Born in 1908 in Lehi, Utah, he graduated from Brigham Young University with a bachelor’s degree in 1932. Hasler spoke fluent German, and in 1945, served as a research analyst with the U.S. Air Force Strategic Bombing Survey in post-World War II Germany. He appreciated the opportunity to visit laboratories and meet with natural scientists that had survived the war. Hasler played the key role in the construction of the Laboratory of Limnology on Lake Mendota, and the Trout Lake Station on Trout Lake.
Hasler was one of 13 students who received doctorates under Chancey Juday in 1932. In 1937 he returned to the University, completed his PhD and was hired as an instructor in the Zoology Department and promoted to assistant professor in 1941. After serving with the U.S. Strategic Bombing Survey in Germany in 1945, he returned to the university in 1945 as associate professor of Zoology and was promoted to full professor in 1948, and served in that capacity until he retired in 1978. The Wisconsin School of Limnology was continued, strengthened, and enlarged by Hasler from 1946-1978.
“Lake Mendota is our Laboratory”
“Many people who work on ecological problems today remain awed by the insightfulness of Hasler’s research,” says John Magnuson. “He was a big thinker and had grand ideas. He believed you were not done in research until you dealt with its applications in society.”
His most famous research began in the late 1940s, when he demonstrated that “olfactory imprinting,” enabled salmon to journey thousands of miles to spawn in the stream of their birth. The idea occurred to Hasler when he visited a mountain stream near his hometown in Utah, and was struck by how the smells of native plants seemed to rekindle childhood memories.
Hasler, pioneered a new way to study ecological problems using experimental manipulations of entire lake ecosystems. He recognized that lakes were too complex to be studied piecemeal in a laboratory setting. His most famous “whole lake experiment” was at Peter and Paul Lake in the 1950s. Subsequently, his students founded research centers with this model in the U.S. and Canada. Whole-ecosystem experiments are used widely in lakes, streams, forests and oceans.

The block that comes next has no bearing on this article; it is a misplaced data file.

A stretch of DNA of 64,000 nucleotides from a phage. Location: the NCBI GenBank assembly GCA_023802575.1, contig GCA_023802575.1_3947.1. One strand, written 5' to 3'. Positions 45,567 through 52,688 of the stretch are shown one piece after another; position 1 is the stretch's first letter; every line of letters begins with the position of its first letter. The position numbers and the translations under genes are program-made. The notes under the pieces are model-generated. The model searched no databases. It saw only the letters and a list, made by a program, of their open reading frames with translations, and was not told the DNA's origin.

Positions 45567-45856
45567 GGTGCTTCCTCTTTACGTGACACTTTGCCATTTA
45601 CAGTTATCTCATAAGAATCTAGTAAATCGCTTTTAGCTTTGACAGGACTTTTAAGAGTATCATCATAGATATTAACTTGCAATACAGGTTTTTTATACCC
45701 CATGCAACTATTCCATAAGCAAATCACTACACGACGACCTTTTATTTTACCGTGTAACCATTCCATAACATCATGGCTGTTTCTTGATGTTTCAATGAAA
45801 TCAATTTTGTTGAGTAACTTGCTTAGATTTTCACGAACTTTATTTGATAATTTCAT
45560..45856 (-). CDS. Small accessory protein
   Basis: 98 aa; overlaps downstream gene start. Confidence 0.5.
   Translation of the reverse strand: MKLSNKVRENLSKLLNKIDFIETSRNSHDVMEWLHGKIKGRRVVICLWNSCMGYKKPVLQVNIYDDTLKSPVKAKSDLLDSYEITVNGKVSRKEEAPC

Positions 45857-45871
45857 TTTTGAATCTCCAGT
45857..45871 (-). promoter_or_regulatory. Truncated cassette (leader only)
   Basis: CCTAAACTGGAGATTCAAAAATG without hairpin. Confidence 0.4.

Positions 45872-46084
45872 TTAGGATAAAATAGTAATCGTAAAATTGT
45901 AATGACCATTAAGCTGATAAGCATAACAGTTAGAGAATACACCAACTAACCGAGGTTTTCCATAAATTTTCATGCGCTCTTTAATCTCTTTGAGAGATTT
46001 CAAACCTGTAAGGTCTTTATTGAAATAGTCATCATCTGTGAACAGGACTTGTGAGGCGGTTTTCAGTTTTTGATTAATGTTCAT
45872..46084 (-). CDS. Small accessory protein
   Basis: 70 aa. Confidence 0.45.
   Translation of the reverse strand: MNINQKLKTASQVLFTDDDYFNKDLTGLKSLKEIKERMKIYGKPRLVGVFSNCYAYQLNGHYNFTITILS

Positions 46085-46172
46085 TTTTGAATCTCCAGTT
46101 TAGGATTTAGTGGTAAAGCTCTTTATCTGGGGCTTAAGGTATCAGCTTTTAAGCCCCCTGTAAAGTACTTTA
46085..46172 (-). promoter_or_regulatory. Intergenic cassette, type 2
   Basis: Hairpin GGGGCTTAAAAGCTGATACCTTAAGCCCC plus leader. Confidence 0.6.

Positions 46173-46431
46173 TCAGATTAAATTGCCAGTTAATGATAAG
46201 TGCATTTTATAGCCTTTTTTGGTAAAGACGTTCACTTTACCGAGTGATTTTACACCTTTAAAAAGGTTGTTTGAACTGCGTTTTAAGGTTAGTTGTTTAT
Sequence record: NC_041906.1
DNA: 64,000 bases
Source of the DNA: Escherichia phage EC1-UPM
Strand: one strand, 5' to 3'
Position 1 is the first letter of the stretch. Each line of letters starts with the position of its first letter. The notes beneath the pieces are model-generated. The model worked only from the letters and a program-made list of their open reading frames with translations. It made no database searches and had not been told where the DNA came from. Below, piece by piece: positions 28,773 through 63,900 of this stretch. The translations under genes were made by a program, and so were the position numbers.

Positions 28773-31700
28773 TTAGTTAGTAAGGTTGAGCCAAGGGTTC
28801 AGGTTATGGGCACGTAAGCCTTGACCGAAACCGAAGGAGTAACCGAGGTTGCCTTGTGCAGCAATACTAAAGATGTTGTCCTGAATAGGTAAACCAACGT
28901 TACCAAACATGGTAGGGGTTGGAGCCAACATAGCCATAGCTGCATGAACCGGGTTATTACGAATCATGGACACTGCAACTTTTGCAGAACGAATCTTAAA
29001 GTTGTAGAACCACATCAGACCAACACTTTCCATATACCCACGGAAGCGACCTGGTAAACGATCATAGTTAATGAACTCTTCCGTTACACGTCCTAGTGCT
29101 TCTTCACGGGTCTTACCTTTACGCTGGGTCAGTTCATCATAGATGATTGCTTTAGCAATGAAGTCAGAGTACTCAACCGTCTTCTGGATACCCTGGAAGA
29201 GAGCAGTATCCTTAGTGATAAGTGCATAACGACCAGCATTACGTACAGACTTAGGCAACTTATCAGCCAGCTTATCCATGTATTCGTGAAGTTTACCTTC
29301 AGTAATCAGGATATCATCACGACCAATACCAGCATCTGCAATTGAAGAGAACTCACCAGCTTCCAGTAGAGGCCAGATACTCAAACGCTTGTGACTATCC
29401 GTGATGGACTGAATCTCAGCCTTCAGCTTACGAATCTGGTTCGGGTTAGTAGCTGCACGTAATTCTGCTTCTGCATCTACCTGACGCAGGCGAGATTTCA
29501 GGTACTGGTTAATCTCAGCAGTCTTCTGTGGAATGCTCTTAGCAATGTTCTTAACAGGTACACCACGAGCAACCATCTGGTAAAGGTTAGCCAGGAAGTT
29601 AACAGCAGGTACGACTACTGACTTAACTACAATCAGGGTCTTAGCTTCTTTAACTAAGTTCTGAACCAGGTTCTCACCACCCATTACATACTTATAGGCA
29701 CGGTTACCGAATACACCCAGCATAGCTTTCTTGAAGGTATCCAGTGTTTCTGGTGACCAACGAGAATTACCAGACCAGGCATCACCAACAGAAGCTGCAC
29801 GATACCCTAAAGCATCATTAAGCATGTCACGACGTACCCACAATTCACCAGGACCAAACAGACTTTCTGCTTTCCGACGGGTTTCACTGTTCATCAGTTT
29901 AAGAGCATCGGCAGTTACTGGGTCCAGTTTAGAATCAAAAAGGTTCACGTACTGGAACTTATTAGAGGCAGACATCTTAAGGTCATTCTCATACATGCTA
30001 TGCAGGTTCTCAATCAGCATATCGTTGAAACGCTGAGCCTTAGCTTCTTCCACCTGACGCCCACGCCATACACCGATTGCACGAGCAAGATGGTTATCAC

Hasler helped define the importance of land-water interactions as a primary variable in the water quality and ecology of lakes. His work on “cultural eutrophication” helped inform efforts to divert sewage and control fertilizer runoff and soil erosion in lakes, including Lake Mendota. Hasler served as an advisor to 52 doctoral students and authored more than 200 publications and seven books. He was a past president of the American Society for Limnology and Oceanography, the American Society of Zoologists and the Ecological Society of America. He was a founder and first director of the Institute for Ecology. He was a 1969 inductee to the National Academy of Sciences and a 1972 inductee to the American Academy of Arts and Sciences, and holds many lifetime service and achievement awards, both national and international. He was professor emeritus after retiring in 1978, having spent 41 years on the faculty at the University of Wisconsin.
Arthur Hasler died on Friday, March 23, 2001, at the age of 93. He was survived by his wife, Hatheway, and his children, Sylvia (Thatcher), A. Frederick, Bruce, Mark, Galen and Karl.
Art’s son, Fritz, spent several years archiving his father’s history. Click here to read many more details about Art Hasler.